I can think of many successful people who do not hold a bachelor's
degree, much less a graduate degree. A year or so ago, Foreign
Policy magazine conducted a survey both foreign policy professionals
and academics. Some of the findings ...
1. The most useful graduate area of study for foreign policy work was
'area studies', i.e. knowledge of the culture, society, politics,
history, economics and language(s) of a given country or region.
2. The only functional graduate training that ranked at or near the top
3. Professionals rarely ever used theories derived from any of the
social sciences (excepting perhaps economics).3 Only two
theories had wide use among professionals: (1) nuclear deterrence,
specifically that of mutually assured destruction (MAD)4 and
(2) ~~ Human Terrain Analysis5
4. When asked to list the most influential people in foreign policy, the
professionals and academics produce radically different list. I believe
the person at the top of the academics list has never been heard of by
most professionals. Academics rated Henry Kissinger relatively low,
professionals had him at or near the top of their lists.
Moving past the survey, I'll note one person who is very influential in
foreign policy - and to my knowledge he only holds a bachelor's in
English: Robert Kaplan. After getting his degree he moved overseas where
he wrote articles and a book or two on the politics and societies of the
countries or regions where he visited or lived. I believe his book,
Balkan Ghosts, was mentioned of by President Clinton (this while
the Yugoslava civil wars was ongoing). That got folks' attention. He's
gone to write numerous other works and has consulted, lectured, etc
across the academic and foreign policy sphere.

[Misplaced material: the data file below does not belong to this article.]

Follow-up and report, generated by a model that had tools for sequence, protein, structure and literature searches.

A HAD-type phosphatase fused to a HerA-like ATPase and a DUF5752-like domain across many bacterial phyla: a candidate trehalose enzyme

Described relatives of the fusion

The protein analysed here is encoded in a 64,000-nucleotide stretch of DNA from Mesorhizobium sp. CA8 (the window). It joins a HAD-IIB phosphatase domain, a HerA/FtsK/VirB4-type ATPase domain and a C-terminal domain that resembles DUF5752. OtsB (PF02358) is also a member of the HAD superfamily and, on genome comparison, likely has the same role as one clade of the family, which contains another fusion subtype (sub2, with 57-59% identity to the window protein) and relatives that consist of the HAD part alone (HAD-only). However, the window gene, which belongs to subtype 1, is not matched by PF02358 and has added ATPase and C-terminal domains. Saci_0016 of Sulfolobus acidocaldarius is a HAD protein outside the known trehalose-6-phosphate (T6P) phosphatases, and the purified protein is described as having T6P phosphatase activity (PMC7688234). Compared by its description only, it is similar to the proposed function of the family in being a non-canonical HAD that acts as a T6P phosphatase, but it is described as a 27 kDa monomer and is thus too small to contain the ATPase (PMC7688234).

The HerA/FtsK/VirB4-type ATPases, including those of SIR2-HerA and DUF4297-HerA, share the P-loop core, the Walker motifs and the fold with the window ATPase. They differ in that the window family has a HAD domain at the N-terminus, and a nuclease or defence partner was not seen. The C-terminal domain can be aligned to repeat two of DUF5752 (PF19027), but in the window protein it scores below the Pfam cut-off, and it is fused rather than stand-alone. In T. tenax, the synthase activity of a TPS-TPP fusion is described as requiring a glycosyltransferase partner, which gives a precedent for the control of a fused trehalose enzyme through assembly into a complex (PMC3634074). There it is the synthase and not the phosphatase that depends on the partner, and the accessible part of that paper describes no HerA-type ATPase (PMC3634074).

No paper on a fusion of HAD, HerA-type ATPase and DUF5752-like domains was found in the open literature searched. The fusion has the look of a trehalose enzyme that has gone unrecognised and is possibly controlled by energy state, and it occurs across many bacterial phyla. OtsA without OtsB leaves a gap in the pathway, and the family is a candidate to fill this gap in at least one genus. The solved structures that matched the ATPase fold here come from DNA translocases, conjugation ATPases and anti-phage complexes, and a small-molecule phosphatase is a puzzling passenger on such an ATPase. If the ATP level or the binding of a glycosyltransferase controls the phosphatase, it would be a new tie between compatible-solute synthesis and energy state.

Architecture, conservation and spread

1 OTOH, twenty odd years ago, I recall business people saying
they didn't need people with graduate degrees in what's now called area
studies. ~We'll hire a translator.
2 Off that, around thirty years ago there was book, ~
International Jobs~, designed to help readers find a job or career
overseas. One or more of the chapters dealt with graduate study. The
author said, if you want a job overseas in accounting or finance or
marketing, etc. then get a degree in accounting, finance, marketing,
3 When I was in college, the traditional approach to studying
international relations was being challenged by the social science
approach. The social science approach developed hypotheses and models
which were then tested against evidence in attempts to discover
empirical laws of social behavior. The traditional approach believed
people and societies were too complicated to derive such laws; instead,
one had to spend years studying a country, region, or functional area
from which useful experience emerged.
4 I suspect most professionals carry these conceptual tools
in mind, because they were all exposed to it through school or foreign
policy work. I also suspect that academics who study and professionals
who work in the field of nuclear deterrence, war, disarmament, etc have
a more nuanced perception of the conceptual models.
5 This may not be the exact name of the theory and it maybe
less a theory that an approach to how one goes about understanding a
culture or society. This specific one either evolved or saw its first
large scale application in Iraq and Afghanistan.